• Imposition of annual fee on branded prescription pharmaceutical manufacturers and importers ($27 billion)
  • Imposition of annual fee on medical device manufacturers and importers ($20 billion) (repealed by the FY 2020 spending package 6)
  • Imposition of annual fee on health insurance providers ($60.1 billion) (repealed by the FY 2020 spending package 7)
  • Eliminate deduction for expenses allocable to Medicare Part D subsidy ($4.5 billion)
  • Modification of itemized deduction for medical expenses amended by the ($15.2 billion)
  • Limitation on excessive remuneration paid by certain health insurance providers ($600 million)
  • Additional hospital insurance tax on high-income taxpayers ($210.2 billion)
  • Modification of Section 833 treatment of certain health organizations ($400 million)
  • Excise tax on tanning ($2.7 billion)
  • Reductions in annual updates to Medicare FFS payment rates ($156.6 billion)
  • Temporary adjustment to the calculation of Part B premiums ($25 billion)
  • Independent Payment Advisory Board ($15.5 billion) (repealed by the Bipartisan Budget Act of 2018 (H.R. 1892))
  • Medicare Advantage rates based on fee-for-service rates ($135.6 billion)
  • New standards for Medigap plans ($100 million)
  • Medicare DSH payments ($22.1 billion)
  • Payment adjustments for Home Health Care ($39.7 billion)
  • Reinsurance and risk adjustment collections
  • Hospice reform ($100 million)
  • Equipment utilization factor for advanced imaging services ($2.3 billion)
  • Revision of payment for power-driven wheelchairs ($800 million)
  • Reducing Part D premium subsidy for high-income beneficiaries ($10.7 billion)
  • Reducing wasteful dispensing of outpatient prescription drugs in Long-Term Care Facilities ($5.7 billion)
  • Evidence-based coverage of preventive services in Medicare ($700 million)
  • Limitation on Medicare exception to the prohibition on certain physician referrals for hospitals ($500 million)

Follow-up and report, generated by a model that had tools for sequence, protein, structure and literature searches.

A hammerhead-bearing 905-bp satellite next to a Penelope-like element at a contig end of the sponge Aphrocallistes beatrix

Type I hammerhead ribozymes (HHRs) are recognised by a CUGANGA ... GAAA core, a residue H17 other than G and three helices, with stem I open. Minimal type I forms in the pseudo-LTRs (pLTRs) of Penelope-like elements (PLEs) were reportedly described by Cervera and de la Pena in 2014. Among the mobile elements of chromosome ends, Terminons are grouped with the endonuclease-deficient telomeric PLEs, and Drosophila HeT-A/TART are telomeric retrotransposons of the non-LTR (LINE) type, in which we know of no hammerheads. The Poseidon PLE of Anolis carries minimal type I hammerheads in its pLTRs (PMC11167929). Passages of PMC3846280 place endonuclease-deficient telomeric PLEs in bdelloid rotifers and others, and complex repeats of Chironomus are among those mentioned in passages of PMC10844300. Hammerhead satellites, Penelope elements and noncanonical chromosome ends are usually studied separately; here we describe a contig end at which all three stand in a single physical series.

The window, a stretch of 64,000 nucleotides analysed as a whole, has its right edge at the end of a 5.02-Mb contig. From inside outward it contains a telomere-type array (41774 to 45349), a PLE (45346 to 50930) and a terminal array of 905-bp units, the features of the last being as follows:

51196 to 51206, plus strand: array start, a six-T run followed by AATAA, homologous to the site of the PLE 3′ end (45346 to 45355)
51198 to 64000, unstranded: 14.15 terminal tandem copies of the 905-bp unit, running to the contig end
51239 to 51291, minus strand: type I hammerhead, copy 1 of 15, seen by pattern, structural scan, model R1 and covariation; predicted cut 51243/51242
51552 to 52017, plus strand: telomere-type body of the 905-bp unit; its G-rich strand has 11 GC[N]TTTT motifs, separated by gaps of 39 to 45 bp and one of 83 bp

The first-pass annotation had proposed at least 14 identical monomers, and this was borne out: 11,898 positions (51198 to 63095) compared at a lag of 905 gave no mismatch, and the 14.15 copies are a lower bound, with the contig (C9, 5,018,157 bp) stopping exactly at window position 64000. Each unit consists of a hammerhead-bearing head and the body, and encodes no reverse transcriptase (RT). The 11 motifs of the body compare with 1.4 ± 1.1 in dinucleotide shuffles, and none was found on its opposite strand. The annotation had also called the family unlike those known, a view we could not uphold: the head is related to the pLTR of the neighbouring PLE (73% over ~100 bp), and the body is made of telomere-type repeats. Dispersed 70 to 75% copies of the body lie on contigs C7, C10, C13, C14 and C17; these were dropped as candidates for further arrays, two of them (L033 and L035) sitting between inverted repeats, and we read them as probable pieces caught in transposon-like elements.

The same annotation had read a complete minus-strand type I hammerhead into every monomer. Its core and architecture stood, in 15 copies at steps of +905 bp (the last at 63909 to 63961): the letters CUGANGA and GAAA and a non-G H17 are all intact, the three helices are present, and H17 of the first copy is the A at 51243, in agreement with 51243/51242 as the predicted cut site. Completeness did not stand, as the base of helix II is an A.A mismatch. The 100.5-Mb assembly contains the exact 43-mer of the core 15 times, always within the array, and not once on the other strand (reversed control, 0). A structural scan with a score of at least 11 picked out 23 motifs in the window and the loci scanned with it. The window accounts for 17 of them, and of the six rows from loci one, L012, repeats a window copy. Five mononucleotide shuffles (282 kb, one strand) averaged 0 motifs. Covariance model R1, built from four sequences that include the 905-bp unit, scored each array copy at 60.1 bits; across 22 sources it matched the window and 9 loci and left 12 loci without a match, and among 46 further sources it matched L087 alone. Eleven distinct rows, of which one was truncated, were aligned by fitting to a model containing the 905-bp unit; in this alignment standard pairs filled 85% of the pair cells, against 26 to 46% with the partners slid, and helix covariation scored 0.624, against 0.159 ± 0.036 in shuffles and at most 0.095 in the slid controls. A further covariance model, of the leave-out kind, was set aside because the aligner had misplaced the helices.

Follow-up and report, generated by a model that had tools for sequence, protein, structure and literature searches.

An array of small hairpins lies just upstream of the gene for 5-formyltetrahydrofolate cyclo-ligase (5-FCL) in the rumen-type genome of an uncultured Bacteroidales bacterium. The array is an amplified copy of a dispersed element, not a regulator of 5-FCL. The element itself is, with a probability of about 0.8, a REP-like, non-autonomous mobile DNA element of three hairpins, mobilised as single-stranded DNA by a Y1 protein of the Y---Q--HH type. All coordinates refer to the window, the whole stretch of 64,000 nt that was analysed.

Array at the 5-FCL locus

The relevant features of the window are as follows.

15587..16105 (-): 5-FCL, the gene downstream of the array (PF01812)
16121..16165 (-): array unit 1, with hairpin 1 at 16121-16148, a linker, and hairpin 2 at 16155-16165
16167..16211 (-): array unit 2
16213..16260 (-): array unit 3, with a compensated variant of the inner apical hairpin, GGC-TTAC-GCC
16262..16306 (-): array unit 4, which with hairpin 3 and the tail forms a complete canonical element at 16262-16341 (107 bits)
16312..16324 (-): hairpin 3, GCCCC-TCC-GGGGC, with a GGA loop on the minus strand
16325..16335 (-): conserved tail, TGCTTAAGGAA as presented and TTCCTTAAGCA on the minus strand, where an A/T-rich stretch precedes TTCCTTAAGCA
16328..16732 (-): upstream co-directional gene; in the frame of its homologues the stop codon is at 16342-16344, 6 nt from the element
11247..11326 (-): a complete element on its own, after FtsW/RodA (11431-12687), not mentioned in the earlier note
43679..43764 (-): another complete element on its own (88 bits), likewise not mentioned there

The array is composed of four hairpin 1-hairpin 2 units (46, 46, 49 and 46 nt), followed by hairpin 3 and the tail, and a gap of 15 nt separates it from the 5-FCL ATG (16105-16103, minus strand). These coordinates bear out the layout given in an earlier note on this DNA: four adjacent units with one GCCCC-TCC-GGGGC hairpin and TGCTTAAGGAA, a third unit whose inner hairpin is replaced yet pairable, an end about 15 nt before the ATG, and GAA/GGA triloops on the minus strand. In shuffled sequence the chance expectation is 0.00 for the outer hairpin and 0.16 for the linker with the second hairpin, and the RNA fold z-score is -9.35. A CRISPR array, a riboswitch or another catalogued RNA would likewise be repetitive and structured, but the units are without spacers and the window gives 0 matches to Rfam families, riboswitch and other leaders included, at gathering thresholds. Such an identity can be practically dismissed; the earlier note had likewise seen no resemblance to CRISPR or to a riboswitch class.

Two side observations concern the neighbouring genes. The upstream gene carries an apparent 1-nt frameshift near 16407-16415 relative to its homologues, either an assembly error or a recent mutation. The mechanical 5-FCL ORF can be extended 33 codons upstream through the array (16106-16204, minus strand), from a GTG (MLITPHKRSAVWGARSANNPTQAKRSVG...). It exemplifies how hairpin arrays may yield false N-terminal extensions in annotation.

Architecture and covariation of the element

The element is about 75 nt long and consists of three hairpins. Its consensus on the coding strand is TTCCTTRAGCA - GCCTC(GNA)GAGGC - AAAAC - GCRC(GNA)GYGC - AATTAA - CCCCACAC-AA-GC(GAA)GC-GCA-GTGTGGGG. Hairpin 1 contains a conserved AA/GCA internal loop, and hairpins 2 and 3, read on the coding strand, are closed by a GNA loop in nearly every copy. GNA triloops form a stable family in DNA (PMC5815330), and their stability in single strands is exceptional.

• Patient-Centered Outcomes Research ($300 million)
  • Provider screening ($100 million)
  • Enhanced Medicare and Medicaid program integrity ($2.9 billion)
  • Physicians who order items or services required to be Medicare-enrolled physicians or eligible professionals ($400 million)
  • Face to face encounter with patient required before physicians may certify eligibility for Home Health Services or Durable Medical Equipment under Medicare ($1 billion)
  • Adjustments to the Competitive Acquisition Program in Medicare for Durable Medical Equipment, Prosthetics, Orthotics, and Supplies ($1.4 billion)
  • Mandatory state use of National Correct Coding Initiative ($300 million)
  • FDA labeling changes ($100 million)
  • Biologics Price Competition and Innovation Act ($7 billion)
  • Community Living Assistance Services and Supports Act ($70.2 billion) (repealed as part of the American Taxpayer Relief Act of 2012 (H.R 8), known as the Fiscal Cliff Bill)

 

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1 http://www.crfb.org/papers/understanding-joe-bidens-2020-health-care-plan
2 Estimates were performed prior to the passage of the Consolidated Appropriations Act, 2021 which included provisions addressing surprise medical billing.
3 HHS estimated savings in 2016
4 CBO and JCT estimated savings in 2010
5 Further Consolidated Appropriations Act, 2020 (HR 1865)
6 Further Consolidated Appropriations Act, 2020 (HR 1865)
7 Further Consolidated Appropriations Act, 2020 (HR 1865)